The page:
During the early days of World War II, the fate of Western Europe hangs on the newly-appointed British Prime Minister Winston Churchill, who must decide whether to negotiate with Hitler or fight on against incredible odds.
Winston Churchill’s probably the most famous orator/alcoholic to have existed in the Twentieth century. Almost every public speech Churchill ever gave exists on some senior yearbook page somewhere. Of course, all his quotes make him sound like a grump and a raging alcoholic. “Darkest Hour” gives us insight, not only to the spirit of Winston Churchill but just how precariously perched the entire kingdom of England was during World War Two.
“Darkest Hour” (titled after Churchill’s written history of the Second World War) displays incredible amounts of realism. The production design, above all else, stands out as the key piece lifting us from a drab set into something as ornate and decorative from the telephones to the streets to the royal palace’s golden curtains and large mirrors.
Gary Oldman, hardly recognizable as our Lord and savior Winston Churchill, delivers on an impressive performance. Everything from the scowl to the laugh down to tapping his ring finger on the wood brings to life a character often seen from a distance. With surprising performances from all of his supporting cast (and my personal hero Ben Mendelssohn), the story comes to life. The issue, though, is the English spirit. The film follows more of the politics behind England’s war effort than the actual war itself.
Historically, Churchill warned about Hitler well before he invaded Poland. As the Germans rout each nation on their way to the French coast, the desperation in the halls of power grows and nobody is safe. Elaborate camera moves tilt, raise, lock, and swirl around the actors as each person debates the finer points of war through swirling clouds of light.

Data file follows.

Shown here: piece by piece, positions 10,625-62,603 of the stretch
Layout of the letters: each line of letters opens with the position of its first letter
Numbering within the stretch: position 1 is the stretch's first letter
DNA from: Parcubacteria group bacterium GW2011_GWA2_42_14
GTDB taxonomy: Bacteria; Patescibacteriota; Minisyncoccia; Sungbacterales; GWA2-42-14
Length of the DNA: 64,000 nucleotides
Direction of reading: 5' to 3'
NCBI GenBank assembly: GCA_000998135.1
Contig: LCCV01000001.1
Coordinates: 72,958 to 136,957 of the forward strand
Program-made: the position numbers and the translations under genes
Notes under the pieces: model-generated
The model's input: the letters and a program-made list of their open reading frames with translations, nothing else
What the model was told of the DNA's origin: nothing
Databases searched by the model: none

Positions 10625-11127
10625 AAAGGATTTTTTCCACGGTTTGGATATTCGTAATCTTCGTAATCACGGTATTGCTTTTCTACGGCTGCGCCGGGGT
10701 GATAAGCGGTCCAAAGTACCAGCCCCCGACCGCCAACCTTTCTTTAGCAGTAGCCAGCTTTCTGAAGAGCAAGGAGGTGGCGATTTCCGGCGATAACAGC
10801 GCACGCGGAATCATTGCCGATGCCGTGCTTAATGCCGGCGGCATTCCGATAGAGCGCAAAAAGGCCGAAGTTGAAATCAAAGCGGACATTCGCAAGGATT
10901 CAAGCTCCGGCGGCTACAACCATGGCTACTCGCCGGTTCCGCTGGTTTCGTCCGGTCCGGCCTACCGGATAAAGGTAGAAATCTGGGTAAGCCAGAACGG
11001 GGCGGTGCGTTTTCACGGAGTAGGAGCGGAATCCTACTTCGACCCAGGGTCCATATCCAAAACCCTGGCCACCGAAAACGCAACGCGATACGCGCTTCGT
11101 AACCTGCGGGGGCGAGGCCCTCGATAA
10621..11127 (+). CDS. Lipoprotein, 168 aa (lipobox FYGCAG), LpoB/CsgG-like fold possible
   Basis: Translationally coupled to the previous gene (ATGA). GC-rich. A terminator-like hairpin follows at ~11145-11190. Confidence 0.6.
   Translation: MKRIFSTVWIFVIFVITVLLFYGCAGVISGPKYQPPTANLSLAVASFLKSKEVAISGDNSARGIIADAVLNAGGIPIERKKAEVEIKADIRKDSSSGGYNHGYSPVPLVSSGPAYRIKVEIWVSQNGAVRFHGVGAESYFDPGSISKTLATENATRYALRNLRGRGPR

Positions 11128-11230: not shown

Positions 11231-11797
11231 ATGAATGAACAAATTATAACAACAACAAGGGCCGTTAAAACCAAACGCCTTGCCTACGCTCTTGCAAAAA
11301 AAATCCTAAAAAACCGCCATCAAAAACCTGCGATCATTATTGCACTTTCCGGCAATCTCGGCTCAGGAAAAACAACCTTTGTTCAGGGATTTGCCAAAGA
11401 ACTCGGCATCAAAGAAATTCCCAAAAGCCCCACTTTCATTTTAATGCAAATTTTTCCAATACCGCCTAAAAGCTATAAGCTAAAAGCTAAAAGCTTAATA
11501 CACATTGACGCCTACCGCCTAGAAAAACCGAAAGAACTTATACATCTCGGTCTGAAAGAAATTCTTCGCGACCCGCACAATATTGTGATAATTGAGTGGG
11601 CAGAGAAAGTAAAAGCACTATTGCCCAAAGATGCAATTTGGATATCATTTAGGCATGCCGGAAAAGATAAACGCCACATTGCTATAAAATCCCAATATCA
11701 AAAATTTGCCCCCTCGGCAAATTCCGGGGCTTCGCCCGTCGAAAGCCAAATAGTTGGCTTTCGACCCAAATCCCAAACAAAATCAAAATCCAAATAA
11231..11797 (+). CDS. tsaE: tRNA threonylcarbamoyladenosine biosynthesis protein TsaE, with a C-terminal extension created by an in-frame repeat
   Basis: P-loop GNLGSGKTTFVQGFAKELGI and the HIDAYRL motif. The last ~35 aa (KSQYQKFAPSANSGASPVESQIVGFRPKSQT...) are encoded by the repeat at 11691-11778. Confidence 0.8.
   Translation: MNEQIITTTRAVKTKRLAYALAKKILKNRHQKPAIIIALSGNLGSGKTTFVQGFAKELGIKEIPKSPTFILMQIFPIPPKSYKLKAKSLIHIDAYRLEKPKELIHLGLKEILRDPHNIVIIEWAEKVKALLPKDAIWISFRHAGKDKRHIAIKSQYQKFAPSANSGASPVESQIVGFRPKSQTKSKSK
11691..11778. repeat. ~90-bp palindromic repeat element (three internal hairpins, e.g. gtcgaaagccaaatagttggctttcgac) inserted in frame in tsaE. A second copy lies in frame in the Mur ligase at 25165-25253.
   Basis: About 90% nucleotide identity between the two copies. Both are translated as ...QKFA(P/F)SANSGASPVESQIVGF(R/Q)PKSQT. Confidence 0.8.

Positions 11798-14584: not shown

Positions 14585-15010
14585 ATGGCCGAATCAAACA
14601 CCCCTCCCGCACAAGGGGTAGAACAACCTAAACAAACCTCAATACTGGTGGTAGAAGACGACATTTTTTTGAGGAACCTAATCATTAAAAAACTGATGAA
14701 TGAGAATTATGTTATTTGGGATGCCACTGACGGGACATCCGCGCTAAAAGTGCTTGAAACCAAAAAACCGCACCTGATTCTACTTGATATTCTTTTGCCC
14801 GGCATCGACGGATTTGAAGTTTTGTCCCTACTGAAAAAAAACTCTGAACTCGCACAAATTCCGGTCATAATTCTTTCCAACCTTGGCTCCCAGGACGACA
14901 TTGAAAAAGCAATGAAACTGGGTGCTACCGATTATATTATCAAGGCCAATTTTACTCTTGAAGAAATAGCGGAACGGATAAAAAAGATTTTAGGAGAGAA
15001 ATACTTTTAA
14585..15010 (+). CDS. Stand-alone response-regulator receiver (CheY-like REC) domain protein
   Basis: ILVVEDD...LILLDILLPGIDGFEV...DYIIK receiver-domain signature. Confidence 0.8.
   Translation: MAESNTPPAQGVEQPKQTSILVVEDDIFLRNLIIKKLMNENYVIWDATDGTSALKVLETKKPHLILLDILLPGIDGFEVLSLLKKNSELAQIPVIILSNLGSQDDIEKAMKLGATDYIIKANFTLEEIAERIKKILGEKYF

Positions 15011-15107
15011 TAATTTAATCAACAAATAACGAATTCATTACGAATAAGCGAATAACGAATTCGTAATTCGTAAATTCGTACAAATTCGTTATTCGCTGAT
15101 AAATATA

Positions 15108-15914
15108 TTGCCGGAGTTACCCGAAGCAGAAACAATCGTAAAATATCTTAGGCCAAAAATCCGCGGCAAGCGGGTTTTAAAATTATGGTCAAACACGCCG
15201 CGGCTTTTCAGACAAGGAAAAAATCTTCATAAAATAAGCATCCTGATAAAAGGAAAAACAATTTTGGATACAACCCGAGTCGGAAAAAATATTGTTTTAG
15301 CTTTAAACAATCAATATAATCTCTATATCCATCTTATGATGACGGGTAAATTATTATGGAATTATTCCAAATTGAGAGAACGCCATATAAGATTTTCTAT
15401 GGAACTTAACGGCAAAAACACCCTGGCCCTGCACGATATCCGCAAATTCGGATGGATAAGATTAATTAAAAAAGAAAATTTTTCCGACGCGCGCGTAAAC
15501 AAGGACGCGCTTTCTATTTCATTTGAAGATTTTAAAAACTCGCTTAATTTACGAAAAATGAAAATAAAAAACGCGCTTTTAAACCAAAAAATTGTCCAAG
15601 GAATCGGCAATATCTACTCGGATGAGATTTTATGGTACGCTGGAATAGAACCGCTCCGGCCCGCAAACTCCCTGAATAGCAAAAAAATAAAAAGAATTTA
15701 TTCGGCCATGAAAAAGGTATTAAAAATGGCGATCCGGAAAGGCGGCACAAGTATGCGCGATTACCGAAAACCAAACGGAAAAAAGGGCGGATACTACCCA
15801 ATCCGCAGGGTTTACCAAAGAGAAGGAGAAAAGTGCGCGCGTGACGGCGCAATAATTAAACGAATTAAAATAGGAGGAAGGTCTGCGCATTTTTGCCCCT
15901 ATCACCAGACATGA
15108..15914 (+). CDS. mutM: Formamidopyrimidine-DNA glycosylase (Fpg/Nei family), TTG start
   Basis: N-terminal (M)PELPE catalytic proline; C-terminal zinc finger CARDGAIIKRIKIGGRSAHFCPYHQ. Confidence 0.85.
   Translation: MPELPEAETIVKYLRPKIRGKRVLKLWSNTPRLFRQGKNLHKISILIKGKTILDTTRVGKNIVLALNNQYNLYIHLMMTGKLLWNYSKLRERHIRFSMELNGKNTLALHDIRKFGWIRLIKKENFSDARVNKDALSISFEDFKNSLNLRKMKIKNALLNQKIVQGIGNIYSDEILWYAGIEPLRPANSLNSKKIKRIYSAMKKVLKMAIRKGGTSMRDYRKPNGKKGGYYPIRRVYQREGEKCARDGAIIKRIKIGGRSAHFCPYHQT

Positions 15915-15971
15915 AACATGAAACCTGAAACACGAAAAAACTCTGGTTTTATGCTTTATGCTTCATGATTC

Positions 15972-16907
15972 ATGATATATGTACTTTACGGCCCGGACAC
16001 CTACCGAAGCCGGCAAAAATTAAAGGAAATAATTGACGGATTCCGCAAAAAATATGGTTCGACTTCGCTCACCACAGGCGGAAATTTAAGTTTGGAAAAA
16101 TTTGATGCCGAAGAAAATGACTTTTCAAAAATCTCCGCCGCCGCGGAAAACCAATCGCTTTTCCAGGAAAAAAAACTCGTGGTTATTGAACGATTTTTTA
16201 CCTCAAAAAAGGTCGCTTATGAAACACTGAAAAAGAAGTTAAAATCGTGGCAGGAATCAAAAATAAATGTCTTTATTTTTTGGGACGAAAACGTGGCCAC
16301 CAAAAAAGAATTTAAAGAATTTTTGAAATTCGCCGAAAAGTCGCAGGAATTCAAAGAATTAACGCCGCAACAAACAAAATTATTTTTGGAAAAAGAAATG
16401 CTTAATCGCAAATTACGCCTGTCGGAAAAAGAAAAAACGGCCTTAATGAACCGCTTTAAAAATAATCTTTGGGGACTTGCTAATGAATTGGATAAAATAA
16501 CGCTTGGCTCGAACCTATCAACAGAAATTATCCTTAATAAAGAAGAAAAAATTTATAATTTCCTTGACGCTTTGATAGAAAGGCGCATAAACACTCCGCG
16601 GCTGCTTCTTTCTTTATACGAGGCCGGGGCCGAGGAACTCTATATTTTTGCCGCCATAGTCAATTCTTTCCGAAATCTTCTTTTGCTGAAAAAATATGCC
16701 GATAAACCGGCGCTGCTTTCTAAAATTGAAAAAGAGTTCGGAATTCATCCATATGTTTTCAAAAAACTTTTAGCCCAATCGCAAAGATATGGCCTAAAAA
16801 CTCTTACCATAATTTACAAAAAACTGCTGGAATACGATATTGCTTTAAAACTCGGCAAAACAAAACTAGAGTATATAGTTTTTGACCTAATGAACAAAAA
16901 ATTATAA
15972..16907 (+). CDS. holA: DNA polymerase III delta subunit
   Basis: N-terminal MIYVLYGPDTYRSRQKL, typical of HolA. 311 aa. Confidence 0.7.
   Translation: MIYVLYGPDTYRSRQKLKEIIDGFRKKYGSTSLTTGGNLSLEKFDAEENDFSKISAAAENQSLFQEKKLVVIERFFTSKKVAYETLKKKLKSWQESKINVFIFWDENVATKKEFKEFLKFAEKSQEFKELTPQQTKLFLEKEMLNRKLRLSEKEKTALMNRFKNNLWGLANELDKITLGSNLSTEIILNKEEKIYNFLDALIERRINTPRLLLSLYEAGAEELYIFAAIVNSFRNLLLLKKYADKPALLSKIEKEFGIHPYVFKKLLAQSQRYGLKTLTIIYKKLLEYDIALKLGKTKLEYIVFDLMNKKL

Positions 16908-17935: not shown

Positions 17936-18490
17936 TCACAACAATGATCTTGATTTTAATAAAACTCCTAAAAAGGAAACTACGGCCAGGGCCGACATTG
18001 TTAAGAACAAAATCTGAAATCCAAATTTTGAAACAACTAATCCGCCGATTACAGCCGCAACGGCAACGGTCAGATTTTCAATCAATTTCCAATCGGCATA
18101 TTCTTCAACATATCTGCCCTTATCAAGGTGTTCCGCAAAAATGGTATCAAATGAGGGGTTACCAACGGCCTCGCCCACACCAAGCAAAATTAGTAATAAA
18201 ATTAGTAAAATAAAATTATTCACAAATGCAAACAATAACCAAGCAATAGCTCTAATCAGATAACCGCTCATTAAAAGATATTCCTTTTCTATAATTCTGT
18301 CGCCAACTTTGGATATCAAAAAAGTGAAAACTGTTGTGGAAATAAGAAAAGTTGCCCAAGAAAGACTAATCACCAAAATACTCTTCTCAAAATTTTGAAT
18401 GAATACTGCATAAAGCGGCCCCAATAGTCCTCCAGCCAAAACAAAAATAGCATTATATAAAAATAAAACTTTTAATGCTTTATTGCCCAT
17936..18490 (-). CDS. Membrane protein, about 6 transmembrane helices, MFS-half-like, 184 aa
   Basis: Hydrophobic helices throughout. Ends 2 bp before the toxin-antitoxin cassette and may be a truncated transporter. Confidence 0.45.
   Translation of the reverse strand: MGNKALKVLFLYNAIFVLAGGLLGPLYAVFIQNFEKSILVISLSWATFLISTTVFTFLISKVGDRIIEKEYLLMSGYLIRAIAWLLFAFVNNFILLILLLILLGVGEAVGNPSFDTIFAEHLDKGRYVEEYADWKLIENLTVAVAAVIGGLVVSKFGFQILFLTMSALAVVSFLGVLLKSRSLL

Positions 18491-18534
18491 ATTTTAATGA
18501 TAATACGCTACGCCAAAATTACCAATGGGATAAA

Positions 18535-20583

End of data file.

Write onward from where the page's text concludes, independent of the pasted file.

Gary Oldman’s Churchill dives into the effort of raising a nation to war, with no allies, no resources, and little success. Instead, we’re reminded that Churchill’s greatest asset were his words. We get long scenes of him crafting speeches. Tight close-ups on a typewriter being punched and single letters imprinting on the paper. The screenwriter probably had a blast researching Churchill’s most poignant moment as well as his weakest time.
While we, the audience, have the benefit of hindsight, this movie impresses upon us the uncertainty of every decision made during World War Two. I didn’t even know England wanted to sue for peace, and the obstacles Churchill overcame. Our hindsight is what gives the movie stakes. We know that if the UK had sued for peace the Germans might have won World War Two and changed the game entirely. So for us, we want Churchill to succeed, even if he does it boorishly.
I enjoyed the film generally. The sweeping camera angles, elaborate spotlighting, and precise production design makes the film incredibly well polished. A directing veteran coached this movie into existence on the back of Gary Oldman’s stunning portrayal. Yet still, the movie seems too occupied with explaining the war to either fully give us an honest portrayal of Churchill’s personal life (we only ever see him struggle in his professional life). That’s why I say it’s dry. For a film about such a pivotal moment in history, so few scenes stirred me as thoroughly as I had hoped. I’d recommend waiting for it to go to DVD. It’d be just as enjoyable then.
In theaters Friday, December 8th